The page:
A NEW pumping station to stop sewage from entering the River Severn during major flooding will be allowed to be built after councillors gave plans the green light.

Worcestershire County Council's planning committee backed plans by Severn Trent Water to build a replacement sewage pumping station in New Street in Upton to prevent the current station, which it says could no longer cope during floods, from overflowing into flood water and entering the River Severn.

The new station would be built near to the existing flood defences and an Environment Agency storage tank off New Street.

Severn Trent said the existing station cannot cope if it did flood meaning sewage could then enter the flood water and into the River Severn causing a health hazard.

County councillor Paul Middlebrough had said he supported the plan but felt the design was “austere."

"Anything to do with water management in and out of Upton is absolutely essential," he told the council's planning committee at a virtual meeting on Tuesday (July 7).

The station would also have a storm overflow to collect water during extremely bad weather and a new wall would be put in place so it does not disrupt existing flood defences.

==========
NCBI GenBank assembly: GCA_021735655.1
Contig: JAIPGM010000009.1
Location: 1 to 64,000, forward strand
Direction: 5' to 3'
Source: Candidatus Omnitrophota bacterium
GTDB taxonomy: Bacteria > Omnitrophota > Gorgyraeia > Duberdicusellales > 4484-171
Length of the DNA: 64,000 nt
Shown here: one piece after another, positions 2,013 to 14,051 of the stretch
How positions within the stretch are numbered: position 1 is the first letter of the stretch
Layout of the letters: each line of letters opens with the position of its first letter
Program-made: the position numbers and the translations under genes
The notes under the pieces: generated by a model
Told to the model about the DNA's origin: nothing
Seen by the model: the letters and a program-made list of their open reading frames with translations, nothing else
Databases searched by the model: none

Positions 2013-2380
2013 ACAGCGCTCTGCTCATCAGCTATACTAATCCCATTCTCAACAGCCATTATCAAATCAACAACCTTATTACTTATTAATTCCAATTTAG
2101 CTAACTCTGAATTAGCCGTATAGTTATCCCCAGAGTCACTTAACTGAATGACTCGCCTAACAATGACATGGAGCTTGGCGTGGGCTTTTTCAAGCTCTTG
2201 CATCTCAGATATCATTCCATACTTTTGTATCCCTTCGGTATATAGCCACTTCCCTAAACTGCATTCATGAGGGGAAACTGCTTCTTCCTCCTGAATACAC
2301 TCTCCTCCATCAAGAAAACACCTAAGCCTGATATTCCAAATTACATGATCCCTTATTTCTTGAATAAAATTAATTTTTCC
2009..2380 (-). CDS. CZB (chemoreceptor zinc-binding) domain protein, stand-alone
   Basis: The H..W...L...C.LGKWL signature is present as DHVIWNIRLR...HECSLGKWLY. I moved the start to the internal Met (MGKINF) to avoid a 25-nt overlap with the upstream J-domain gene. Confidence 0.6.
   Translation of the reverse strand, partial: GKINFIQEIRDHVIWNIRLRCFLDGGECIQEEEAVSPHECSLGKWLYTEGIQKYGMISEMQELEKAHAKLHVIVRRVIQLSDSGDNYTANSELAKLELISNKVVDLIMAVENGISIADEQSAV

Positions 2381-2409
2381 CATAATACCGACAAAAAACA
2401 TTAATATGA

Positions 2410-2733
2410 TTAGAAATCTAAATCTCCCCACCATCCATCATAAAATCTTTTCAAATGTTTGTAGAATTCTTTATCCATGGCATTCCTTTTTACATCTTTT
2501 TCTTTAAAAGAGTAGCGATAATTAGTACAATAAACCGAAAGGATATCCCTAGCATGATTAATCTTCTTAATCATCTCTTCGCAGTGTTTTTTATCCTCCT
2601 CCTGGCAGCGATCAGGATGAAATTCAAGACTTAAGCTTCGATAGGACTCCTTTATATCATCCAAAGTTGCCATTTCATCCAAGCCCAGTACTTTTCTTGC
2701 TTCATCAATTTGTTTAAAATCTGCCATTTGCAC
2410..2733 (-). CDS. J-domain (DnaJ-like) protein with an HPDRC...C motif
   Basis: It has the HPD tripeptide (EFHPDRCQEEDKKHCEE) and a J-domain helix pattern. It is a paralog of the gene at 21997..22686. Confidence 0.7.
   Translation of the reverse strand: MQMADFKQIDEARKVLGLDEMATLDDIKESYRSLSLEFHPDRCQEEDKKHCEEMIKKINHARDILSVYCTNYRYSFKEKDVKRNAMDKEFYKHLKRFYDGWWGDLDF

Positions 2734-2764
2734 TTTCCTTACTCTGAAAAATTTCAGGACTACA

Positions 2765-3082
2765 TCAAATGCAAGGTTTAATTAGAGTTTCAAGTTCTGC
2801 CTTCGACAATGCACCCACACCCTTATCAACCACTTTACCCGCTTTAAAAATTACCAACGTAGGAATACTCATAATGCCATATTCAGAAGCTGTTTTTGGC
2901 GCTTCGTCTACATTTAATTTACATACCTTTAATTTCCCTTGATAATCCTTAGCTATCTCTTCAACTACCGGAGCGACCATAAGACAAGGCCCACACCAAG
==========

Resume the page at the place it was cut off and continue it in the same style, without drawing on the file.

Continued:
Upton frequently floods when heavy storms hit the county and particularly suffered during major flooding earlier this year and in 2007 and 2014.

Conservation officers at Malvern Hills District Council said they approved of the plan in principle but objected to the amount of concrete and hardstanding that was planned to be used.

Officers also said walls and hand railings should be more sympathetic to the character town’s conservation area as well as nearby listed buildings.

Upton Town Council said it had reservations about the design of the new pumping station but would like to see the plan approved to better protect the town.